Surface condensation

27/08/2019

Although condensation is the same physical process wherever it occurs, it is usual to distinguish between surface condensation – on walls and ceilings, and under roofing underlays in cold lofts – and interstitial condensation, which occurs in spaces within the rafters or stud wall.

Condensation occurs when the air cannot hold any more moisture and droplets of water begin to form on surfaces. Warm air can hold more moisture than cold air: it follows from this that if the temperature of moisture-laden air suddenly drops, or if too much moisture is entering a cold space, then condensation will occur.

At 20°C, a cubic metre of air can hold a maximum of 17.3g of water vapour – the air is then saturated. At 10°C, it can only hold 9.4g. If a typical UK house heated to 20°C has a relative humidity (RH) of 60% then there will be (0.60 x 17.3g) 10.4g per m3 of water vapour in the air. If this air comes into contact with a surface at only 10°C then water will condense on this surface because 10.4g is too much for the air next to the cold surface to hold.

Condensation on the roof underlay of a cold loftcondensation risk

A typical domestic house creates 12-15 litres of water vapour each day, from cooking, washing, etc. and much of this ends up migrating through the plasterboard – unless it is a modern house with a vapour barrier fitted under the plasterboard of the bedroom ceilings. Where the house has a traditional ventilated loft with no loft insulation then heat will also rise up from below, and if the ventilation is adequate then there will perhaps only be a little surface condensation on the underside of the underlay on the coldest days of the year, plus frost forming and melting if it’s really cold.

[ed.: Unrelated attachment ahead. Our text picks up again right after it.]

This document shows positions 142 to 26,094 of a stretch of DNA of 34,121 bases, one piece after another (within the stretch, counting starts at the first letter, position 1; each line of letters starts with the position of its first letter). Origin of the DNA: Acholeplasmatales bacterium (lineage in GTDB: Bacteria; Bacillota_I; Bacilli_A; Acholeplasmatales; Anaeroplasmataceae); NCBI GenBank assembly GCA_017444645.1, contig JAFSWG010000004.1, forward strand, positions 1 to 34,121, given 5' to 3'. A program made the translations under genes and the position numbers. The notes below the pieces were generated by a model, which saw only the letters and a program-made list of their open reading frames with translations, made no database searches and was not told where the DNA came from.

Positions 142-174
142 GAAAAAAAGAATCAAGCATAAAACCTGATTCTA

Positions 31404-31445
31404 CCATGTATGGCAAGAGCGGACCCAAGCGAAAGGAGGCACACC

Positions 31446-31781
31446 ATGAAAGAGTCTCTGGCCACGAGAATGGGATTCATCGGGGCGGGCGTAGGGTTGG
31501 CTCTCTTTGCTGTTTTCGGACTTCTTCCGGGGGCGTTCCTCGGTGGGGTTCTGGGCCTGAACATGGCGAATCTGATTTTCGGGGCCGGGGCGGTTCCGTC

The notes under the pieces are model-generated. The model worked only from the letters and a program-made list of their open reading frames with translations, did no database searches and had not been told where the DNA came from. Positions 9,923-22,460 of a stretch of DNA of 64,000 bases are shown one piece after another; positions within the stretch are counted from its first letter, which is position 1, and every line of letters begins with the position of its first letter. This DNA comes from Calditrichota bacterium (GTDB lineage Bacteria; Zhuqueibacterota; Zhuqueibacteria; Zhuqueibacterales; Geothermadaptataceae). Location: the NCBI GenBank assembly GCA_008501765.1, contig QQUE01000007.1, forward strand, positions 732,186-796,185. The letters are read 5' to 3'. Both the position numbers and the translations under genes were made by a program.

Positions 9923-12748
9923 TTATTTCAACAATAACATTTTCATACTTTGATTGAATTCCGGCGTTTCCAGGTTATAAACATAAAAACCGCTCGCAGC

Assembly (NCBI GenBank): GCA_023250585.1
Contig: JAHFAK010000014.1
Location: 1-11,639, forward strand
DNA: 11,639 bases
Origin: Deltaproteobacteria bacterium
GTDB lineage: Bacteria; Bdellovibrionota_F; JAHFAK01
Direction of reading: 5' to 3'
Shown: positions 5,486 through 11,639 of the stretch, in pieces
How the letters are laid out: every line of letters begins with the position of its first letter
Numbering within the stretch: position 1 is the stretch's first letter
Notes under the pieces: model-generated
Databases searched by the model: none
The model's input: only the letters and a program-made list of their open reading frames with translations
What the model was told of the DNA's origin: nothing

Once the recommended 270mm of loft roll insulation is fitted between and over the joists, however, preventing heat from escaping up from the rooms below, the loft temperature will be much colder and condensation far more likely. It then becomes essential to ensure that the eaves vents are providing sufficient cross-ventilation and are not blocked by the insulation blanket. Any gaps around penetrations into the loft, e.g. around pipework and cables, should be sealed, as well as obvious checks like ensuring extractor fan ducts do not exhaust into the loft, and that the cold-water tank lid is secure.

If there is still a condensation problem then ridge or tile vents should be fitted. Ideally a vapour barrier would be fitted under the ceiling plasterboard of the rooms below, to prevent most of the water vapour from getting into the loft in the first place.  If re-roofing, then using a breather membrane (which allows water vapour to pass through it) rather than a bitumen felt would be desirable, and, if it is impossible to introduce vents (as might be the case with very old or Listed buildings), then use an air-open breather membrane which gently ventilates over its whole area.

If a breather membrane certified for use in an unventilated loft is used as the roofing underlay then ventilation may not be necessary, though this might well depend on whether a vapour barrier has been installed underneath the joists, plus factors such as the local climate, the depth of loft roll present and how much moisture is entering the loft. It is more usual to ventilate even with a breather membrane, however.